The new NHI format has been implemented to further extend the NHI range as we were previously running out of NHIs. The new format is:
Where A is an alpha character between A and Z, excluding the letters I and O and 0 is a number ranging from 0-9. The final alpha is the check digit.
The previous NHI had a collision issue, where the check-digit for any given transposition of an alpha character could result in a check digit with the same value. This was a result of the check digit having a value range of only 10 digits (0-9) with an input range of 24 characters as positions 1-3.
The new NHI however has a check digit which can be 24 values in length.
There appears however to be a significant flaw in the implementation. The new algorithm uses a modulus 24 operation but has used the same second factor values at each position of the NHI. The original second factor values are now factors of the modulus, which results in significant numbers of collisions. This issue didn’t arise in the old NHI algorithm as the modulus was a prime number.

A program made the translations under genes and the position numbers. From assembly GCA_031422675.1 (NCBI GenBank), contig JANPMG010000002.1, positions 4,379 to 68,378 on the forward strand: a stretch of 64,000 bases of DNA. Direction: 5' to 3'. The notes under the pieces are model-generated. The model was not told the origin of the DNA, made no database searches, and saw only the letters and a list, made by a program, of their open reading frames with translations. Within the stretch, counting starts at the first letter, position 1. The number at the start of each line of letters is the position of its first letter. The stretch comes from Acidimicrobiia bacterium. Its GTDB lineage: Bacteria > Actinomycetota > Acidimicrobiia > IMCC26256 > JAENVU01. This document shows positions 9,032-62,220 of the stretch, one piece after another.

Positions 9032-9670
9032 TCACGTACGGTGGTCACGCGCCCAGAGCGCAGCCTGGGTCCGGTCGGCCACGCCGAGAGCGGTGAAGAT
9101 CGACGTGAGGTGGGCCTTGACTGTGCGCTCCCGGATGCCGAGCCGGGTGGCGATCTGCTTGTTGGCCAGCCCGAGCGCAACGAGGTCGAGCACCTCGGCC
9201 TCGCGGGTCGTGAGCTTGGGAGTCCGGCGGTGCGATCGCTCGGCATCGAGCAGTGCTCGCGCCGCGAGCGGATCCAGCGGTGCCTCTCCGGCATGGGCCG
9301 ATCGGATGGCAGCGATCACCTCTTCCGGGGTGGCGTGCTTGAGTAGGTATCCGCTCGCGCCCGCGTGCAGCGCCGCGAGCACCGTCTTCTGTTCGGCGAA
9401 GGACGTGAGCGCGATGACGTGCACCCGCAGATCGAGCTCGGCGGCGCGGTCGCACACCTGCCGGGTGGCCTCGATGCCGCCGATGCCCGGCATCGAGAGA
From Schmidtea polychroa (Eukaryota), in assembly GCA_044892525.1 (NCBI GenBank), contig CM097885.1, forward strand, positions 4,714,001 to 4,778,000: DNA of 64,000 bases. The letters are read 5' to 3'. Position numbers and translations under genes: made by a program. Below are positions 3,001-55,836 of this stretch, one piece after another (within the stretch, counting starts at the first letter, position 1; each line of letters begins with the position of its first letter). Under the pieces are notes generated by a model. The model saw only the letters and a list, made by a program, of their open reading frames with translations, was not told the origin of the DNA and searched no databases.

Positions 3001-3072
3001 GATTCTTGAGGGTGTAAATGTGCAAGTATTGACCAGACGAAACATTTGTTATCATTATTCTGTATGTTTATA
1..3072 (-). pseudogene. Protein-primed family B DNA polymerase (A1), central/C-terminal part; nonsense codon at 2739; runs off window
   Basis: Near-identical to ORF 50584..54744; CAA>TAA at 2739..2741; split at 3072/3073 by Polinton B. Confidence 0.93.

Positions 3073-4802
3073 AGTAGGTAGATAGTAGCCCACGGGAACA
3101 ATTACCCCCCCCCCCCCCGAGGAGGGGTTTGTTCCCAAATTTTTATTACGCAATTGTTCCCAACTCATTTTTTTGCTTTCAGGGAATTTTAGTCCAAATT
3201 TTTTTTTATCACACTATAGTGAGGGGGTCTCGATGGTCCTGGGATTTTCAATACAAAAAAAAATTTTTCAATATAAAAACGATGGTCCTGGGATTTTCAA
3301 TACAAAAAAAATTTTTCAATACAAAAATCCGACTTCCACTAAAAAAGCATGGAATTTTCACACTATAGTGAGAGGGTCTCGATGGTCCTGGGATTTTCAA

An example is shown below, showing all combinations of the NHI ZAD96LT, changing the second letter:
You can see the check digit repeats every 4 iterations. This means that each letter at position 2 has 5 different characters which would be transposed and the check algorithm would not detect as issue. Compared to the old NHI algorithm, which 11 characters had only one other letter which could be transposed without detection and 2 characters which had 2 others which wouldn’t be detected by a transposition.
Because the second factors of 7 and 5 are not factors of the modulus, this issue with the new NHI only affects transposition at positions 2,4,5 and 6 of the NHI.
This issue could be avoided by either changing the modulus to a number which does not have the existing second factors as factors (e.g. modulus 23) or by keeping modulus 24 while changing the second factors (e.g. using 14,13,10,7,5 as the second factors.
These would look like:
|NHI||Mod 23||Mod 24 + New Facs|
You can see that the modulus 23 solution still has a single collision (at ZAD96L and ZZD96L), but this would be a significant improvement on the prior collision issue. The use of modulus 24 but with second factors which are not factors of 24 (14,13,11,10,7,5) has no collisions and fully solves the issue.
Hopefully Te Whatu Ora are able to change this before the new NHI implementation goes live in 2025. If not, then we may have to be exceedingly vigilant with NHI protocols when any manual entry of NHI is done.